In a homily that few may have been expecting for daily Mass at the chapel of the St. Martha Residence in the Vatican yesterday, Pope Francis reflected on the end times and his belief that the persecution of Christians will increase in the latter days. The regular Gospel outside of the United States yesterday, where many parishes used readings to celebrate Thanksgiving rather than the ordinary lectionary for the day, the Gospel of the day was Luke 21:20-28. In that passage, Jesus foretells the destruction of Jerusalem to his disciples, and ultimately gives prophetic witness to the end of the world as we know it as part of an eschatological discourse that has been read differently at different times throughout Christian history.
The Holy Father also referred to the companion text so often used when speaking of Christ's apocalyptic sayings, the Gospel of Matthew Chapter 24. "When the Lord refers to this in Matthew's Gospel, he tells us that it will be a desecration of the temple. It will be a profanation of the faith, of the people, it will be an abomination, it will be desolation and abomination."
"What does this mean," the Pontiff asked the congregation,“it will be like the triumph of the prince of this world: the defeat of God. It seems at that final moment of calamity, it seems like he will take over this world, he will master of the world,” the Pope reflected, saying that many believers could become discouraged by the appearance that the Prince of Darkness has triumphed over God, saying that it would be more devastating than some great natural disaster. This Antichrist spirit (cf. 1 John 4:3) is already apparent in the world through the largely accepted idea that religion should be kept "a private thing," and that the public display of religious symbols increasingly seems to be taboo. “You must obey the orders which come from worldly powers. You can do many things, beautiful things, but not adore God. Worship is prohibited. This is at the center of the end of time,” Francis said, reflecting on the mentality of an increasingly secularized culture.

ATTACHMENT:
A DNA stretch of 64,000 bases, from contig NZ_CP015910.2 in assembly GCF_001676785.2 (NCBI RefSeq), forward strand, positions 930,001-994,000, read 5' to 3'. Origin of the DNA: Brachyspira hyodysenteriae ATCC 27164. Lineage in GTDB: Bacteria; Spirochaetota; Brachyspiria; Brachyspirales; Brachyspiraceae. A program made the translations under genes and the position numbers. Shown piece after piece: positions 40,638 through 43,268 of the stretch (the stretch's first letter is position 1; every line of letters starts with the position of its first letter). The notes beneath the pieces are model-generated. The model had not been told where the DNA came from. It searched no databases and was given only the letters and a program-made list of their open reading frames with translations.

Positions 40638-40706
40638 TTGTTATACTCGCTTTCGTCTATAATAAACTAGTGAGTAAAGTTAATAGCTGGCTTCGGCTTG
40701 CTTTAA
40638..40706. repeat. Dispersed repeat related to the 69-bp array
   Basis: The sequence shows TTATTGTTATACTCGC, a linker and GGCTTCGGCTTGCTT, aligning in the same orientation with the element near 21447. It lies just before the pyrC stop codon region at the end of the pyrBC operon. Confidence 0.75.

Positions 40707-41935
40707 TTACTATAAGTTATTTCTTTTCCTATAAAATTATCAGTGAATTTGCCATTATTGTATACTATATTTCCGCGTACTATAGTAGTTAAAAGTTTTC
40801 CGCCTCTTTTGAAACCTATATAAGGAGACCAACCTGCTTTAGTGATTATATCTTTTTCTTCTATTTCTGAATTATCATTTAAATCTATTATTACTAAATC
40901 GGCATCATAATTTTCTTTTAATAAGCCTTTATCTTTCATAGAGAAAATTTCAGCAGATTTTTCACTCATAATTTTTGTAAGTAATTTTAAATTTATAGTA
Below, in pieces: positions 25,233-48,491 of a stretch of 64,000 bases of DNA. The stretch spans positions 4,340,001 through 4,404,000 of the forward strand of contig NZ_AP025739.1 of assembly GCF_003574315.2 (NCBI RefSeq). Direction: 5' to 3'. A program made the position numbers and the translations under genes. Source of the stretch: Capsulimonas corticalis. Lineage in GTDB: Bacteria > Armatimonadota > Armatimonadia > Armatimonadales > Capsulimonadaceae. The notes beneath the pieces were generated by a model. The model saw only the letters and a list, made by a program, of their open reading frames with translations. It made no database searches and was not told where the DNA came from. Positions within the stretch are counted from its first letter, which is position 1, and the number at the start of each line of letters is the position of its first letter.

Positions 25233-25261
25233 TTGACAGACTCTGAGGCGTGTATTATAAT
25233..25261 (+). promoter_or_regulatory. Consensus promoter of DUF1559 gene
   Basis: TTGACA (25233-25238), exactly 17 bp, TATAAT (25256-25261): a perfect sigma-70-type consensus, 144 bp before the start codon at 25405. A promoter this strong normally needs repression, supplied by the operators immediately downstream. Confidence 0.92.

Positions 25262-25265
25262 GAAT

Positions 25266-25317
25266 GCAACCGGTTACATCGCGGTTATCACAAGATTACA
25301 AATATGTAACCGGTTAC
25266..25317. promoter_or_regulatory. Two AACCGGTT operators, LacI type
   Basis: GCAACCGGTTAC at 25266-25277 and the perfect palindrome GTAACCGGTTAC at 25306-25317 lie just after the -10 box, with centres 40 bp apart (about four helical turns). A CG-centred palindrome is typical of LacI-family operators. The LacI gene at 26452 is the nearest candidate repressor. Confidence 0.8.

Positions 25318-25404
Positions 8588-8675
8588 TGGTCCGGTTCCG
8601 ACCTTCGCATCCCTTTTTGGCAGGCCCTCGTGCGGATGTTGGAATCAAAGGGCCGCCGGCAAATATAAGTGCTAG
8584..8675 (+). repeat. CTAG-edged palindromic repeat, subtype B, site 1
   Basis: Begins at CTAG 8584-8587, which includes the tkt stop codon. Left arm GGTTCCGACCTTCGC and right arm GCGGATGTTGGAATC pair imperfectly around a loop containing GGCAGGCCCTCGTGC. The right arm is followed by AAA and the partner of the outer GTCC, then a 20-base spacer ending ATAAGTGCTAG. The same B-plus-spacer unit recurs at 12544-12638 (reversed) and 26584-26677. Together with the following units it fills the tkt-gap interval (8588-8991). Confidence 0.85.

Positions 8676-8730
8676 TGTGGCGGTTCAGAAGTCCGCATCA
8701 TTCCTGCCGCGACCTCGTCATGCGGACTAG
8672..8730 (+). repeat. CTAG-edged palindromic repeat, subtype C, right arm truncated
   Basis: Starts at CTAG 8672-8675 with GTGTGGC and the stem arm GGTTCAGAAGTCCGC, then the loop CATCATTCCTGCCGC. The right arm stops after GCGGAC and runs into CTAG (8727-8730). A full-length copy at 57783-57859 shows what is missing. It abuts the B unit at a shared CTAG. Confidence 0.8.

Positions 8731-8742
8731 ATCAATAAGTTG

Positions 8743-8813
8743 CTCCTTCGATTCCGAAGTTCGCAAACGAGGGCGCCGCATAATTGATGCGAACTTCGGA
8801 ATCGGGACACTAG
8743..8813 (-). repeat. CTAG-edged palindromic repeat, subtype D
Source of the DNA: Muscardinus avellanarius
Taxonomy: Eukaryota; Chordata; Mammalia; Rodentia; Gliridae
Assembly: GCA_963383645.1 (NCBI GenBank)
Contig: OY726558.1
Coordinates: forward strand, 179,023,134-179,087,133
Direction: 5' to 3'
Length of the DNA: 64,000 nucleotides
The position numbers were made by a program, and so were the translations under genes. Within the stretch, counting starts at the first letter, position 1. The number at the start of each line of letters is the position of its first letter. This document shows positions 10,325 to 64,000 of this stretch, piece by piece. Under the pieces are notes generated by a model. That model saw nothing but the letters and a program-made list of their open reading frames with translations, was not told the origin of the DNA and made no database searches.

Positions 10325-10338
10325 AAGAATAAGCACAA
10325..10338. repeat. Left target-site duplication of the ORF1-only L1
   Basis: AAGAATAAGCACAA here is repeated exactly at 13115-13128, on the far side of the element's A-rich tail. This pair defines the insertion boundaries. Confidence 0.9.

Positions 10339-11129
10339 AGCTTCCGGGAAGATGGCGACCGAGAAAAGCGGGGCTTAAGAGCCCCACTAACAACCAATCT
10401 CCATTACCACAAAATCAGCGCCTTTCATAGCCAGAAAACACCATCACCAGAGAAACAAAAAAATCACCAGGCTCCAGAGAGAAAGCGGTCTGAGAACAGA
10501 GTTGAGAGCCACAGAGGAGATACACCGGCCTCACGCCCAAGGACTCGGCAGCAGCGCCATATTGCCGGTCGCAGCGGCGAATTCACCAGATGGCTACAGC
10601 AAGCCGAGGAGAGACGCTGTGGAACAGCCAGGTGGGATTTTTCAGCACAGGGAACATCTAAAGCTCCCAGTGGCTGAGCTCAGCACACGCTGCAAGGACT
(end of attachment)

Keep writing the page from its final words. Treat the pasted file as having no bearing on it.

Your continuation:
"Once we reach the fullness of this pagan attitude, then yes, he will come…’ truly the Son of Man will come in a cloud with great power and glory,’” preached the Pontiff. "Christians who suffer times of persecution, times of prohibition of worship because of their beliefs, are a prophecy of what will happen to us all.”
Speaking of the prophet Daniel who was thrown into the lion's den in the first reading, the Holy Father said that God asks faithfulness and patience of us, just as he asked it of Daniel. “Fidelity like Daniel, who was faithful to his God and adored God until the end. And patience, because the hairs of our heads will not fall out. The Lord has promised this.” The Pope asked the congregation to reflect for the remainder of the week on what he called "this general apostasy" which in the prophecy of Scripture “is called the prohibition of worship," Pope Francis encouraged the congregation to ask if they truly worshiped the Lord. “Do I adore Jesus Christ, the Lord? Or, a little half and half, do I in some way play game of the prince of this world?”
“Worship until the end with confidence and fidelity: this is the grace we must ask for this week,” the Pontiff closed.